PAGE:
By Tim Hepher
PARIS (Reuters) -Europe’s Airbus has revised up its forecast for jet deliveries over the next 20 years as soaring fuel bills prompt airlines to seek new, more fuel-efficient planes.
Despite the war in Ukraine and a spike in inflation, Airbus edged up its average forecast for annual GDP growth to 2.6% from 2.5% in its latest 20-year outlook published on Monday.
But it saw passenger traffic growing more slowly than before, by 3.6% a year rather than 3.9% forecast in November.
That’s partly the result of higher energy and carbon prices that push up fares.
But it believes a spike in energy costs will also encourage many airlines to accelerate deliveries of fuel-saving models.
Airbus predicts total deliveries of 39,490 jets over the next 20 years, up from 39,020 forecast previously.
The increase is partly due to 2021 dropping out of the rolling 20-year forecast period, an exceptionally weak year depressed by the pandemic.
It expects deliveries to include 38,600 passenger jets – up from 38,140 previously forecast – and 890 freighters, up from 880.
Airbus still expects air traffic to recover to pre-pandemic levels some time between 2023 and 2025, as the industry faces pressures from inflation to rises in energy prices as well as the risk of further outbreaks of variants of COVID-19.
However, the planemaker expects its best and worst case scenarios for traffic to regain 2019 levels some six months later than its previous forecast, according to charts supplied with the data.
For the second time in three years, Airbus has changed the way it breaks down jet demand, this time into two categories – “typically single-aisle” which includes its A320neo or Boeing’s 737 MAX and accounts for 31,620 projected deliveries, and “typically wide-body” jets which account for 7,870 units.
It had previously tracked “small, medium and large” sizes.
For the first time, Airbus is building in the transition to sustainable aviation fuel and recognising the cost of carbon in its forecasts, which may subject airlines to growing differences in energy bills depending on where they operate.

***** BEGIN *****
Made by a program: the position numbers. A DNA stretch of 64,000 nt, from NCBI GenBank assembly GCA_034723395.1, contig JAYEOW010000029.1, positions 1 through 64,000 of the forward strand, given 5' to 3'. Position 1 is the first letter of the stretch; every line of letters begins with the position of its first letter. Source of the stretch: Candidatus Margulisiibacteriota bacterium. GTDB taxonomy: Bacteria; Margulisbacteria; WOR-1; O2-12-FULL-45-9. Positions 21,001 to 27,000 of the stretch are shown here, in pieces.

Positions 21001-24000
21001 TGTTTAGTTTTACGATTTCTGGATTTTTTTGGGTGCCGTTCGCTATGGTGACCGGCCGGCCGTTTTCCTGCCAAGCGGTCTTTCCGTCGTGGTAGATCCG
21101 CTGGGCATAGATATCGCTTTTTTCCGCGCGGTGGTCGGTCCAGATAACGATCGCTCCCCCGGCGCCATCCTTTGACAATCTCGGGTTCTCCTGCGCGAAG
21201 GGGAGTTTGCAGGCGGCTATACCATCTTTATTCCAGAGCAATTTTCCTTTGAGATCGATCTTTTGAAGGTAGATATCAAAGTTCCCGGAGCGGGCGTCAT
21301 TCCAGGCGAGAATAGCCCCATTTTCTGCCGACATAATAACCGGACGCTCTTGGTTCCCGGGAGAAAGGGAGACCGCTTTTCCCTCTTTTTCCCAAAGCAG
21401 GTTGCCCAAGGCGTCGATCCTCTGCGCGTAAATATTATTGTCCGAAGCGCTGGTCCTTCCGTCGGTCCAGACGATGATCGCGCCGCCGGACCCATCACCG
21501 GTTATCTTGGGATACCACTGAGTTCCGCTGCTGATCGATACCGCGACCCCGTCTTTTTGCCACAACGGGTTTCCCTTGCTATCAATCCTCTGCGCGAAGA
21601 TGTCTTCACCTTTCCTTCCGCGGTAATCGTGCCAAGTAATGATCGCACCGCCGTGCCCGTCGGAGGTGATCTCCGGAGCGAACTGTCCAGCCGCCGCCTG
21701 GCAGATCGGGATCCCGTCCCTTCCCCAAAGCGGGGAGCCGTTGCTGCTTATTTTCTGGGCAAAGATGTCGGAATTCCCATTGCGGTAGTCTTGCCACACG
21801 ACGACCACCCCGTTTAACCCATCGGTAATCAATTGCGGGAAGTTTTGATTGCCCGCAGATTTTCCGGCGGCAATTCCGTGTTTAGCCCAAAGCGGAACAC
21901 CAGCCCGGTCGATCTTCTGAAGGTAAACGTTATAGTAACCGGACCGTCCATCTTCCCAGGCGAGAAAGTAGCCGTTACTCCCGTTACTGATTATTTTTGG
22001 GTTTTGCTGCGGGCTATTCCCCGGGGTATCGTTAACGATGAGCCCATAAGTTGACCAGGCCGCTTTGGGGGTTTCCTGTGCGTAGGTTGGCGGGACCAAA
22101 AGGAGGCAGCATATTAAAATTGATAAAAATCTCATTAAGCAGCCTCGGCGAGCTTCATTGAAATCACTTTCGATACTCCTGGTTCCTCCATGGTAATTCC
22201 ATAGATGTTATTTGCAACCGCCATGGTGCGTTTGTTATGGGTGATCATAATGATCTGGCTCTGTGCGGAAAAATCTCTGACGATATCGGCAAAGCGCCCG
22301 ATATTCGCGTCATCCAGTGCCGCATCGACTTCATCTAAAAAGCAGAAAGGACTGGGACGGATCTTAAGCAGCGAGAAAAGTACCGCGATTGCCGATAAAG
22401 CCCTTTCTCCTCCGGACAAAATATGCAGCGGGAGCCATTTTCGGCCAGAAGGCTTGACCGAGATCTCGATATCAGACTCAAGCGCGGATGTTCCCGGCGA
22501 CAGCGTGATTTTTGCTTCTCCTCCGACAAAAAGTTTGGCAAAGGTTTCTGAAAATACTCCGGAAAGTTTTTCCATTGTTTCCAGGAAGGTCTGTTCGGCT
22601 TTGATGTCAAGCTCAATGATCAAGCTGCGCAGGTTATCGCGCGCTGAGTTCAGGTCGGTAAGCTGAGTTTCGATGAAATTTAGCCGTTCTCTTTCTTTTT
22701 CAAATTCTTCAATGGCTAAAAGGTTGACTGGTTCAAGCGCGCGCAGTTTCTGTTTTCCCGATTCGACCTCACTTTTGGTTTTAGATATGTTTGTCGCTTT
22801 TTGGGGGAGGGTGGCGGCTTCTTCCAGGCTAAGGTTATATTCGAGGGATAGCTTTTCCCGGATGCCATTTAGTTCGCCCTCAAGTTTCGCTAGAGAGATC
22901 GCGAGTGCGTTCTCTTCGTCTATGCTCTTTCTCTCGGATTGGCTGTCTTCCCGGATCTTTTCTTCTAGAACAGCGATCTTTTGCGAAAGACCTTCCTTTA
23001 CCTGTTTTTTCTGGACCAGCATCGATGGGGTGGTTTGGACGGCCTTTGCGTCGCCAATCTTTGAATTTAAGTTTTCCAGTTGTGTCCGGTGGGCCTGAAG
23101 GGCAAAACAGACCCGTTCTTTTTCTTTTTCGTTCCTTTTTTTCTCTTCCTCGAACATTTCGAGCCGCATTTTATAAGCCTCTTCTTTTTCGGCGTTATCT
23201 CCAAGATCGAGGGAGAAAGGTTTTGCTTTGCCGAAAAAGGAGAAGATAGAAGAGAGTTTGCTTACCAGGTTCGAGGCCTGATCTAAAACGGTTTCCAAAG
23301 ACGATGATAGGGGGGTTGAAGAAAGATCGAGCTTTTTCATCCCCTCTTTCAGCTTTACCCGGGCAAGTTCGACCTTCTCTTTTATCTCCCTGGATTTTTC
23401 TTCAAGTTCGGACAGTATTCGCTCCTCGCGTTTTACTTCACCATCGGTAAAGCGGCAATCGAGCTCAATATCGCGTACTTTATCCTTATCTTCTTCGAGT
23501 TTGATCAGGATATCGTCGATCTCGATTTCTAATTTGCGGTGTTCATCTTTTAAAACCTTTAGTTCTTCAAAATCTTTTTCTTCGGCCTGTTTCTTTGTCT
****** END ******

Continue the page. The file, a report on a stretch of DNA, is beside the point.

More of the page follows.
Still, it expects upward pressure on energy prices and inflation to ease somewhat by the middle of the decade.
Demand from Asia, which has been a driving force in aerospace for over a decade, is fractionally lower than in the planemaker’s previous forecast. But it still makes up 45% of the projected 20-year deliveries at 17,580 passenger and cargo jets.
China remains poised to overtake the United States as the world’s busiest aviation market in coming years.
But the pace of growth is dominated by India, whose domestic market is seen growing by an average 6.6% a year over the next two decades, more than three times the U.S. average of 2.1%.
With aviation growing from a low base, however, Indian consumers will still be making fewer trips by air in 2041 than Americans took in 2019, according to Airbus data.
Also leading growth in the next 20 years will be travel between the Indian Subcontinent and Africa and between the world’s two largest economies, China and the United States.
The Indian Subcontinent is also home to the fastest growing air freight markets, with traffic to or from both China and the United States expected to grow by at least 7.3% a year.
About half the world’s cargo by value goes by air and the sector has been booming as companies shore up supply chains. Airbus sees freight traffic growing on average by 3.2% a year.
(Reporting by Tim HepherEditing by Howard Goller and Mark Potter)